Referring now to the drawings, wherein the showings are for the purpose of illustrating a preferred embodiment of the invention only and not for the purpose of limiting the invention, FIGS. 1-3 illustrate a safety valve assembly V according to the invention, the component parts of which assembly are shown in the open position of the valve in FIG. 1 and in the closed position of the valve in FIG. 2. As illustrated in FIGS. 1-3, valve assembly V includes an upper valve body 1, a lower valve body 2, a valve element 3 mounted therebetween as set forth more fully hereinafter, a vent valve element 4, and a float unit for actuating the latter and comprising a float retainer tube 7, a float 8 in the latter, and a lever arm 6 mounted on retainer 7 by a pivot pin 9 for displacement about the latter in response to the position of the float to control the position of valve element 4 as will become apparent hereinafter. Valve element 3 includes a stem 3 a which extends through a mounting diaphragm 10 to which the valve element is secured by a retainer 5 engaging against the underside of the diaphragm, and valve element 3 is mounted on the valve housing by axially capturing the peripheral edge portion of the diaphragm between upper and lower valve bodies 1 and 2. The upper end of valve body 1 is externally threaded to be received in a fitting 12 which is used to position the valve assembly at a proper depth in a tank, not shown in detail, such as a tank for containing a liquid L under pressure, such as liquid propane.
Valve assembly V has an axis A and upper valve body 1 includes an axially extending inlet passageway 20 having an inner end which terminates in a radially outwardly extending circumferential seating surface 28 overlying the upper side 3 b of valve element 3, and the latter valve element is biased downwardly from the closed position shown in FIG. 2 towards the open position shown in FIG. 1 by a coil spring 11 between the upper side of the valve element and the lower end of the portion of valve body 1 providing the outlet end of passageway 20. When valve element 3 is displaced downwardly from seat surface 28 as shown in FIG. 1, liquid flowing through inlet passageway 20, as indicated by arrows A1, A2 and A3, flows downwardly through passageway 20, radially outwardly across surface 28 and valve element 3 and through an outlet opening 30 in upper valve body 1 into the tank.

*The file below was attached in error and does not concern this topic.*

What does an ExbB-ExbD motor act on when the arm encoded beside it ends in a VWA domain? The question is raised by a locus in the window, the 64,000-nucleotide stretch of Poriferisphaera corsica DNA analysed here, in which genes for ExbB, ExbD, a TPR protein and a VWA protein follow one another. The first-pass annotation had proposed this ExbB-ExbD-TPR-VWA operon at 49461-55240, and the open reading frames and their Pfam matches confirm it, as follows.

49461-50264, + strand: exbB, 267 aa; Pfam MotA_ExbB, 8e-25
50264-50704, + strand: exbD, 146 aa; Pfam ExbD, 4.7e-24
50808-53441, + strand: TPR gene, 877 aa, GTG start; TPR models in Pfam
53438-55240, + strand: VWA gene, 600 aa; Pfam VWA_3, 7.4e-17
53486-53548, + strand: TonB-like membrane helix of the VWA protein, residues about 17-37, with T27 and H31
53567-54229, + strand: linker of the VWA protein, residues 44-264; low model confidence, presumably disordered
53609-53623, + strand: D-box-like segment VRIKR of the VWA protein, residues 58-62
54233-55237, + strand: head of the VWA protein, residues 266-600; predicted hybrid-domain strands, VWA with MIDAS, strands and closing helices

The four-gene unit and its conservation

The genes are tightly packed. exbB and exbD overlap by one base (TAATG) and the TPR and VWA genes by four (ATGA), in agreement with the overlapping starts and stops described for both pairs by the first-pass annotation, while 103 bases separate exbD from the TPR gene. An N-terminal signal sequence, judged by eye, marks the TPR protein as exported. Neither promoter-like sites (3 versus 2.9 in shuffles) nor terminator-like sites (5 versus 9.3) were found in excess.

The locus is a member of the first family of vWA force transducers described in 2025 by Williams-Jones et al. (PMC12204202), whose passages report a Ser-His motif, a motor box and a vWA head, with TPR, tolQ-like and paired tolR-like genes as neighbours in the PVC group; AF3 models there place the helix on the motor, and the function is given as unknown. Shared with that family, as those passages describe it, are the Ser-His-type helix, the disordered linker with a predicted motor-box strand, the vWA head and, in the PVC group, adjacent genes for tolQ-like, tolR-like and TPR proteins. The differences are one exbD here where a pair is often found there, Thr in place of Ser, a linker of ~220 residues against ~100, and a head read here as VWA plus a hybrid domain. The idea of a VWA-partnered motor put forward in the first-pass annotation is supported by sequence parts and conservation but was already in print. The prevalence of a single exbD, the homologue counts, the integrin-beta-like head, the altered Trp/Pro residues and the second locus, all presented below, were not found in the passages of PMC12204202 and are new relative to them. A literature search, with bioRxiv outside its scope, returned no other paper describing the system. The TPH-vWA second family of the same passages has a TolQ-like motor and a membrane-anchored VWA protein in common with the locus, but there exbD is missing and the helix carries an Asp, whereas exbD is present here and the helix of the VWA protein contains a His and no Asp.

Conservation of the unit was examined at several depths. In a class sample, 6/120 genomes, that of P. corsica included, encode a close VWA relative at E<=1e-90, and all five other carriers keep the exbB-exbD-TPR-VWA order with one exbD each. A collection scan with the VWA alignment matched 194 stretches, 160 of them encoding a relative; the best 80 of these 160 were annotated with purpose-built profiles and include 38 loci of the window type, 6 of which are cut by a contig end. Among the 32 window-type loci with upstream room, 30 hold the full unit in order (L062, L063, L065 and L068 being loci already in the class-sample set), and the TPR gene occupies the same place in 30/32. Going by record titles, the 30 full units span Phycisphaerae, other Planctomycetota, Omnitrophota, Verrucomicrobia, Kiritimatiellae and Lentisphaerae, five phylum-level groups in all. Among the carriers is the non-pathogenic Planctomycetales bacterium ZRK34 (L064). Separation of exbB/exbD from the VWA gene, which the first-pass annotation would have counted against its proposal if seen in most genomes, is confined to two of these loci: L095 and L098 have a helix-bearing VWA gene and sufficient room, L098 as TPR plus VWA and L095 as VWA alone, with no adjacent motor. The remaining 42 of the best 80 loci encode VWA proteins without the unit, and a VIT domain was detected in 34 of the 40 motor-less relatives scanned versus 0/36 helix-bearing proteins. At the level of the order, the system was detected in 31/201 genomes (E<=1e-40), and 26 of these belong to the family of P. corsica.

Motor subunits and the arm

Upper valve body 1 includes a peripheral skirt 22 having a lower end 24 which extends about lower valve body 2 and receives the upper end of float retainer tube 7. The upper and lower valve bodies are suitably interconnected such as by a press fit therebetween, and the retainer tube and upper valve body 1 are suitably interconnected such as by threads between skirt portion 24 and the upper end of the retaining tube. Stem 3 a of valve element 3 is provided with a control passageway 32 axially thereacross and which opens on the underside of diaphragm 10 into a vent chamber 36 through the open lower end of retainer 5 and radially extending ports 37 in the retainer. Lower valve body 2 is provided with a passageway 60 laterally spaced from and parallel to axis A and which receives and supports vent valve element 4 for vertical displacement relative to chamber 36. More particularly in this respect, valve element 4 includes an enlarged head 4 a at the upper end thereof, and a stem extending downwardly from head 4 a through passageway 60 and including an upper stem portion 4 b of a smaller diameter than passageway 60 and a lower stem portion 4 c which is of a diameter for sliding interengagement with passageway 60. Lower valve body 2 is provided with an annular vent passageway 38 which is adapted to communicate with vent chamber 36 across valve stem portion 4 b of valve element 4 and a radially outwardly extending port 39 extending between passageways 60 and 38. Annular vent passageway 38 is in flow communication with the interior of the tank through a vent port 52 in the upper end of float retainer 7.